Friday, December 29, 2006

Web update time

Before I go on leave, one of the bits of unfinished business needing to be done is a make-over for the Parish website. I started work on giving it a new look back in October, and bought a new domain name to go with the new Parish. As the existing domain name, is registered with all sorts of organisations, and search engines, I'll keep that running for a year or so, to point to the same pages, as before
, also to the websites of the two Cathays Parish Churches which I'm losing.

It's hard as an amateur, to realise just how complex a task a web-site a makeover can be, especially when the site in question has evolved organically, and has been augmented piecemeal. In a way, we're still learning what sort of information and news is useful to have on a Parish website. Planning the essentials, nearly four and a half years ago was no great task at the time. But now the website is more than twice its orginal size. First, there's the task of making sure every one of over a dozen web-pages no longer refers to the way the Parish past was constituted or run, but to the new order. Then there's the discovery, on detailed examination of how photos need updating, pages need pruning, data correcting or updating. Some pages look awful and don't display correctly once modified. It takes ages to ensure it looks and works right. It was just as well to have Holy Innocents Day free to do this, well not free, just the morning Eucharist, for which four turned up, as usual. Even so it was one o'clock in the morning by the time I felt satisfied enough with as much as I'd managed to do to creep into bed.

It was gratifying to get most of it done and see it working, even though there are a more pages needing to be modified to give the site a unified look, and there are also some new pages needed as well. As I worked on it, I realised a new draft Parish Mission Action Plan was needed for discussion and adoption, at the Extraordinary General Meeting to elect church officers, required by the Parish split. The Parish MAP is a policy document currently favoured by the diocesan hierarchy, as a way of getting congregations to think about what they do and what they can do to further the cause of the church's mission in their situation.

Until now we've had a strategic Plan at the level of the Team Ministry and Parish, and each church had its own plan, relating to its needs and circumstances. The St John's Plan was bound to be substantial and different because of it's not a domestic residential community church, but a mission congregation serving the city centre. The closing of St James and the start of another mission congregation in Tredegarville school, within the embrace of St John's Parish means that the Plan needs some modification to reflect changed circumstances, a different economy, and agenda of issues to keep a close eye on. My couple of hours spent on drafting will do no more than start a discussion process that can lead to putting flesh on bare bones as the year goes on. It was worth doing, and posting on the new website, as an indicator of changes happening right now.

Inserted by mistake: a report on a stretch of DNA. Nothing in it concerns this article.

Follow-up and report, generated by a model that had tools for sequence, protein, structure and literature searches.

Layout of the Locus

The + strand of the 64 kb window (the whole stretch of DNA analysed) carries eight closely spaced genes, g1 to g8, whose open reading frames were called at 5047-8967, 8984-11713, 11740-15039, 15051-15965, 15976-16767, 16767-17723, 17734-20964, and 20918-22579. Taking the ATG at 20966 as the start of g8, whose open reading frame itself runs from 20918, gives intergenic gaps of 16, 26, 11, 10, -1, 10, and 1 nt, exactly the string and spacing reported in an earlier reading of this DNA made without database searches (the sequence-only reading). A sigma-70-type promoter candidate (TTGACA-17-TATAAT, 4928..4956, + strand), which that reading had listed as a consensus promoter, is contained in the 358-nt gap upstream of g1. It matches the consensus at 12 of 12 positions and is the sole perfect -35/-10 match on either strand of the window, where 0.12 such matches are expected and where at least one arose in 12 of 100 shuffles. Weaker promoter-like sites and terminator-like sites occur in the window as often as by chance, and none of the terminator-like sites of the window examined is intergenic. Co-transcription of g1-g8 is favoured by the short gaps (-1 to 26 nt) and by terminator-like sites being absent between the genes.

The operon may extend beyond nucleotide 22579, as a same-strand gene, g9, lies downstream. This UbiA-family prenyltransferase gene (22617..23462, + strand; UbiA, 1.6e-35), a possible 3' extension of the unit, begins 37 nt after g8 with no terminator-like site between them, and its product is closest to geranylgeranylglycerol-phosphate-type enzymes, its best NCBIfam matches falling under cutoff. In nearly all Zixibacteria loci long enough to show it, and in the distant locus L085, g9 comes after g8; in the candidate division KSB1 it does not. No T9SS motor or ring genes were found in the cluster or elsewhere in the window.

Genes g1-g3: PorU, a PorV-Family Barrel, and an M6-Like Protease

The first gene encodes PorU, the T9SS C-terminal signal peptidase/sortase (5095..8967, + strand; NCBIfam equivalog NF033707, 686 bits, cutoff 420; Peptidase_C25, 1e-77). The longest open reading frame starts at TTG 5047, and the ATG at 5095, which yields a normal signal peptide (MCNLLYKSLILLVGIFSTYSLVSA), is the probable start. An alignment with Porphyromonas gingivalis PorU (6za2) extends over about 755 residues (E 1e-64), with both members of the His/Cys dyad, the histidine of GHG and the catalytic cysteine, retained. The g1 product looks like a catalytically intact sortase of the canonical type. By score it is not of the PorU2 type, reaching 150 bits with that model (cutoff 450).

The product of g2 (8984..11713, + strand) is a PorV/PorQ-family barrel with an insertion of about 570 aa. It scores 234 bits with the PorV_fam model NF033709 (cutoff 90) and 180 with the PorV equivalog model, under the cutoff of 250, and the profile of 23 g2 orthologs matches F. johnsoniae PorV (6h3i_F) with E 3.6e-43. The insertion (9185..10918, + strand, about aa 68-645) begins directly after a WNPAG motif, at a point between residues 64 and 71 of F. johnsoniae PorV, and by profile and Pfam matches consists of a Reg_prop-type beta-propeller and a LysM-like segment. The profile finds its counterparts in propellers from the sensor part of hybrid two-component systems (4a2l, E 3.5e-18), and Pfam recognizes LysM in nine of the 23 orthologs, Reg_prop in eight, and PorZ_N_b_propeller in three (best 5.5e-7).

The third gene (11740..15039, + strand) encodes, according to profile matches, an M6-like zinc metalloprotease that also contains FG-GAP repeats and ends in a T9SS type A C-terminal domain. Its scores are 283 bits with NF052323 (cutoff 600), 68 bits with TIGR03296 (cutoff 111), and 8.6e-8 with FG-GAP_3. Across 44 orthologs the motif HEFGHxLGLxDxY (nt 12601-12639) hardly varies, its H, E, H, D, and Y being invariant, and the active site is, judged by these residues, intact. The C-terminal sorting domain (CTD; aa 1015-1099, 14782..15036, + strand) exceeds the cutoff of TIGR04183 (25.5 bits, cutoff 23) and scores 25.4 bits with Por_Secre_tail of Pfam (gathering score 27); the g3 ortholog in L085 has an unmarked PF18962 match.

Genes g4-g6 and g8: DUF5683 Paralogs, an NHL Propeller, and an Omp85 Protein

I greatly enjoy such variation in activity. Well, to be honest, I don't much enjoy using web publish tools, and have no competence in writing html code. I taught myself to use MS Front Page while preparing the first ever Monaco Anglican church website, when I worked there in 2001, and switched to Dreamweaver on return to the UK, just recycling a few of the template ideas I'd found to work, rather than go through the effort of re-learning things properly from scratch. When I can't get things to work as they should, I get very annoyed with my own laziness. Productivity doesn't come easy in this area.

However, preparing briefing and policy documents, writing articles for publication, I find comes to me very easily, and I enjoy both the freedom and the resulting sense of productivity. Perhaps this may serve to explain the length of most of my blog postings. I find this kind of writing comes easily, and it doesn't take me a huge amount of time. A few readers have remarked that they don't know how I find the time to write so much. It's simple. I don't watch TV! I need space in which to think, and writing is only another form of conversation. Irregular periods of posting indicate that sometimes there's no space or time even to think. I feel a lot better when I have time to write, and I'd love to do lots more. If you have a commision in mind, don't hesitate. Try me!

Contemplative Monk Thomas Merton was one of my early inspirations. One of his essays was called 'The vow of conversation', playing with the words 'vow of conversion', the fourth Benedictine commitment after poverty, chastity and obedience. Conversion, is here understood as a commitment to keep on deepening one's faith and commitment to giving one's entire life to God. Merton had been obliged to spend his monastic life reflecting and writing upon concerns of the Gospel in the modern world. It led him into dialogue with leading thinkers of his day. He longed for hermitage life, and when he finally attained it, he found he was often welcoming visitors, eager to continue in person with him ideas and debate exchanged in letters. His entire adult life was a conversation between himself as a man rooted in eternal catholic truths and the changing world of modernity. I don't have the privilege of dialogue with contemporary thinkers that he did. When I have time, I listen to conversations of others occurring in cyberspace, and wonder what God is up to in all this. Trying to work out what I think, in relation to my life experience and whatever else is going on out there, is an important part of what blogging is about for me. Hopefully it stops me getting too bogged down in the particularities of my job, especially as I don't travel physically nearly as much as I'd like to, these days.

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